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Injured at work? Heres why you should report it

The Report: April / May 2007 vol.28 num.2

by CAROLE PEARSON


n December 1999, Jennifer Tindale was a recent graduate from a radiation therapy program. At 21, she was active in sports, had a busy social life, plans to buy a new car, and to move into her place.

Now, not even 30, she has been off work for six years.

-I was working at the BC Cancer Agency in Vancouver. A patient on our treatment bed grabbed my right arm with both of her hands. She wanted help sitting up and she wrenched my shoulder."

This one incident at work was to have a long lasting impact on her life. -Luckily," Tindale says, -I reported it."

Too often, when a worker is injured, it is not reported. -One of the biggest problems we have is people who keep on working," says Sarah OLeary, an advocate for HSA members dealing with the Workers Compensation Board. -They dont make a report and later on, when they need to apply to go on compensation, there is very limited help we can give them when their claim is denied."

Tindale can understand why workers often dont bother reporting injuries. -You want to be a team player, and you dont want to let the other team members down. But ultimately, its going to cost you."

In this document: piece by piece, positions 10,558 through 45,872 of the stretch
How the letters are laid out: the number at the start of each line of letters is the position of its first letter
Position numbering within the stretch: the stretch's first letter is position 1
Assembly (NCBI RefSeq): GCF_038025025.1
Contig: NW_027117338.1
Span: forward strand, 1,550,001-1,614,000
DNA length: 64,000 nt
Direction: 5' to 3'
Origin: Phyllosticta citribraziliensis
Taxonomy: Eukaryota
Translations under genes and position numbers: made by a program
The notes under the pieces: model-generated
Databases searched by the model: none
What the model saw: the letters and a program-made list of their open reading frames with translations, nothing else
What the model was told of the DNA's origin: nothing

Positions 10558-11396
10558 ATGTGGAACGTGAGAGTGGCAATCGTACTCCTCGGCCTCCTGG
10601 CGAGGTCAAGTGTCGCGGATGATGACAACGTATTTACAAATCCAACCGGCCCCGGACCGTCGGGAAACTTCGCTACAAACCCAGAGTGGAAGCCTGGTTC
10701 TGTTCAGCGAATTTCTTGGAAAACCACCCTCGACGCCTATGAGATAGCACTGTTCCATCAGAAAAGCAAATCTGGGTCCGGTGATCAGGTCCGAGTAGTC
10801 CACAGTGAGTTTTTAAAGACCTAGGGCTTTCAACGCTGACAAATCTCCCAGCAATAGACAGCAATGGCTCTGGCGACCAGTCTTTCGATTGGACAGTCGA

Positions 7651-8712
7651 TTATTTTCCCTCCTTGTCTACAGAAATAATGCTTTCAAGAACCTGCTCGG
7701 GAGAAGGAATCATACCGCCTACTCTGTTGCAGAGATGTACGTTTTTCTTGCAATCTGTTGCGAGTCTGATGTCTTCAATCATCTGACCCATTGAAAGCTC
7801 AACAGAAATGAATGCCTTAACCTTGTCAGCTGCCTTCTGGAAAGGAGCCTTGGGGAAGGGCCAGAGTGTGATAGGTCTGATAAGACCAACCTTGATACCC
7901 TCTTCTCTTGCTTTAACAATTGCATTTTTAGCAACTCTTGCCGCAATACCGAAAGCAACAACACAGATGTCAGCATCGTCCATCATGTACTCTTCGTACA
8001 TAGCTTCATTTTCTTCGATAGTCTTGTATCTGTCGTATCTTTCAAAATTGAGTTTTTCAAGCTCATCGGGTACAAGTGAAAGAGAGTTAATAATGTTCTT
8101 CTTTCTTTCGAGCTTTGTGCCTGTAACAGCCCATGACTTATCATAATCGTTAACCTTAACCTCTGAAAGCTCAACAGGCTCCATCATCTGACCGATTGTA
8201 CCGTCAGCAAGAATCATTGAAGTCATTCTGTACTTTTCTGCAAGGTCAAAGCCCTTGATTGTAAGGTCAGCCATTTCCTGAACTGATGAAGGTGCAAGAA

Tindale says she felt something -wasnt quite right" and filed an injury report the day after she was injured. She was advised to take two weeks off, which were covered by WCB. She went back in January 2000 and recalls, -Within a month of the accident, I had a numbness in my hands. I kept working but the pain got to where I just couldnt work. I shouldnt have gone back to work [so soon]."

Tindale remained at work until June 2001, using up her sick days and vacation to recuperate. During those final months, she was working on a machine that required a lot of patient lifting. -The January before I went off work," she says, -we went to an eight-and-a-half hour day." That extra half-hour of work further exacerbated the problem and she was -popping" Advil and Tylenol.

Claim denied

Jennifer Tindale
Radiation Therapist
BC Cancer Agency

Eventually, Tindale could not work at all. -Im in all this pain and it was obviously from the same injury that never got better. Initially, WCB said, ‘Well re-open your claim. Then a few weeks went by and then they said, ‘Its been a while so well just give you a new claim." Because she did not yet qualify for long term disability payments, Tindale had no income for seven months as she continued to wait for WCB to make a decision. In the end, WCB denied her claim.

-WCB was giving me the run-around so I contacted the union." Tindale was assigned to OLeary for assistance in handling her compensation appeal.

When her long term disability pay began, Tindale was paying for medical treatment not covered by her extended health coverage. She visited various specialists in an effort to diagnose and treat the source of her pain. -I am very fortunate to be in a profession that is well-paying. Long term disability gives you a percentage of your wage. If that was a percentage of, like, ten dollars an hour, it would be impossible to live on that."

It took a while but the cause of her pain was eventually diagnosed as thoracic outlet syndrome. -Its very, very difficult to diagnose," explains OLeary, -and very hard to cure."